War of the Rebellion: Serial 050 Page 0837 Chapter XLII. THE CHICKAMAUGA CAMPAIGN.

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crossing the Tennessee River up to the commencement of the fight, which is as follows, to wit:

The Third Brigade crossed the Tennessee River on Friday, the 4th day of September, 1863, at Shellmound, camping 1 mile east of that place, where we remained until 3.30 p.m. on the 5th, when we marched eastward toward Chattanooga, over a very rough road, continuing our march until 12 p.m. and camping near Whiteside's.

Early on the morning of the 6th, leaving the Twenty-first Kentucky at Whiteside's by order of General Van Cleve, we moved 3 miles on the Trenton road, camping at the base of Raccoon Mountain, where we remained till the morning of the 8th, when we moved around the southern base of Raccoon Mountain and camped in the edge of Lookout Valley.

At 6 a.m. on the 9th, we moved down Lookout Valley toward Chattanooga, crossed Lookout Mountain, leaving Chattanooga to our left, and proceeded on the Ringgold road beyond Chattanooga Creek, where we camped for the night.

On the 10th, we still marched southwesterly, camping at Foster's, on Pea Vine Creek.

Early on the morning of the 11th, my brigade being ordered to take the advance of the army, we moved forward in line of battle, with a strong line of skirmishers thrown forward and on each flank. Soon after I advanced the enemy's cavalry began to annoy us on the right of the road, but after a slight skirmish, they retired on our right along a range of hills, while we moved forward rapidly toward Ringgold. On arriving at Chickamauga Creek, 1 mile from Ringgold, our skirmishers were fired at from the opposite bank of said creek, but the enemy fled as we approached, and when we arrived in position beyond the creek, a line of battle was seen beyond the town, about 1,000 yards distant. We advanced until our skirmish line was within 200 yards of the enemy's position, who had begun to retreat, when our battery opened upon them. But having got too short a range, they shot among our own skirmishers, to some extent disarranging both our skirmish line and line of battle, which were both put in peril by our shells. However, the advance was rapidly continued, and the enemy driven in great confusion from the town. My men being greatly exhausted, we halted beyond the town, by order of General Van Cleve. Perceiving a dense smoke ahead of us on the railroad, we were ordered to press rapidly forward to save the bridge, which order was promptly complied with, but on reaching the bridge we found it in flames and destroyed. The enemy, still retreating and skirmishing with our advance, burned three other railroad bridges. At the second bridge, we were relieved by Colonel Wilder's command, who took the advance and drove the enemy several miles. We proceeded 3 miles beyond Ringgold and camped for the night. We sustained no loss during the day. The enemy lost 1 killed and several wounded severely, besides several horses.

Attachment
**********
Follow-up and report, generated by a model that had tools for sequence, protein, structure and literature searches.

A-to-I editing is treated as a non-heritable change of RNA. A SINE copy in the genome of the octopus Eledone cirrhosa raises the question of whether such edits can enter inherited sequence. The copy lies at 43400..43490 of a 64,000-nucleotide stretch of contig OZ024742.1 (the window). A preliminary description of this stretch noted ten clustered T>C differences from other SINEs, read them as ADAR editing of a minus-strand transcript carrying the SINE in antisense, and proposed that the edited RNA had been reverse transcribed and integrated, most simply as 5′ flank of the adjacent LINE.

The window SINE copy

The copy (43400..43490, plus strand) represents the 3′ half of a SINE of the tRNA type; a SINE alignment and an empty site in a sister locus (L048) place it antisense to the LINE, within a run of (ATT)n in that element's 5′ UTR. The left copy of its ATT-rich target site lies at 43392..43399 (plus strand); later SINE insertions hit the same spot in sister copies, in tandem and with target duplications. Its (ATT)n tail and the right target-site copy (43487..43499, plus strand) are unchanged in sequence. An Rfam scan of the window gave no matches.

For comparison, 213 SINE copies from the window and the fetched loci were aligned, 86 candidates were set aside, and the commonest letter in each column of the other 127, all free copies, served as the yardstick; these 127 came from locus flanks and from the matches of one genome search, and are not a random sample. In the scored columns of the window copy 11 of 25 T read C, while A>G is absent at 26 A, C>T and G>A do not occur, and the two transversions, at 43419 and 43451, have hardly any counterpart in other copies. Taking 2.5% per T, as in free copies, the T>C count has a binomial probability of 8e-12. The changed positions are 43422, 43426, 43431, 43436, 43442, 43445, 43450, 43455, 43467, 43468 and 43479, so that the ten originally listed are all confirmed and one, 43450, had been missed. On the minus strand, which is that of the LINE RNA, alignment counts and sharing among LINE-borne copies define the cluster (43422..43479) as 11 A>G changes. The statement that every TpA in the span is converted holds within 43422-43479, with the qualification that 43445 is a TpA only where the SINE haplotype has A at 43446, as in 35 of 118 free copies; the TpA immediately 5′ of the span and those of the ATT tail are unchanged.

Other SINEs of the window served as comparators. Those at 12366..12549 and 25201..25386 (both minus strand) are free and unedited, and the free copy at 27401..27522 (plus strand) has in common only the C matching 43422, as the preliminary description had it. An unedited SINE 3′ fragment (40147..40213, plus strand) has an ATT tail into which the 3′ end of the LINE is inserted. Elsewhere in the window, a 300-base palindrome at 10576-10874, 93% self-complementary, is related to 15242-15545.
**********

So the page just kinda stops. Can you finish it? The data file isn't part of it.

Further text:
On the 12th, my brigade marched in rear through Ringgold in charge of the transportation of the Twenty-first Army Corps, and of Wilder's command also. From Ringgold we moved westward, crossing West Chickamauga Creek and striking the Chattanooga and La Fayette road. Thence turning south we proceeded to Lee and Gordon's Mills.

On Sunday, the 13th, the Third Brigade was ordered out with the Third Division on a reconnaissance, the Third Brigade acting as the reserve of the division. We advanced some 2 miles rather south.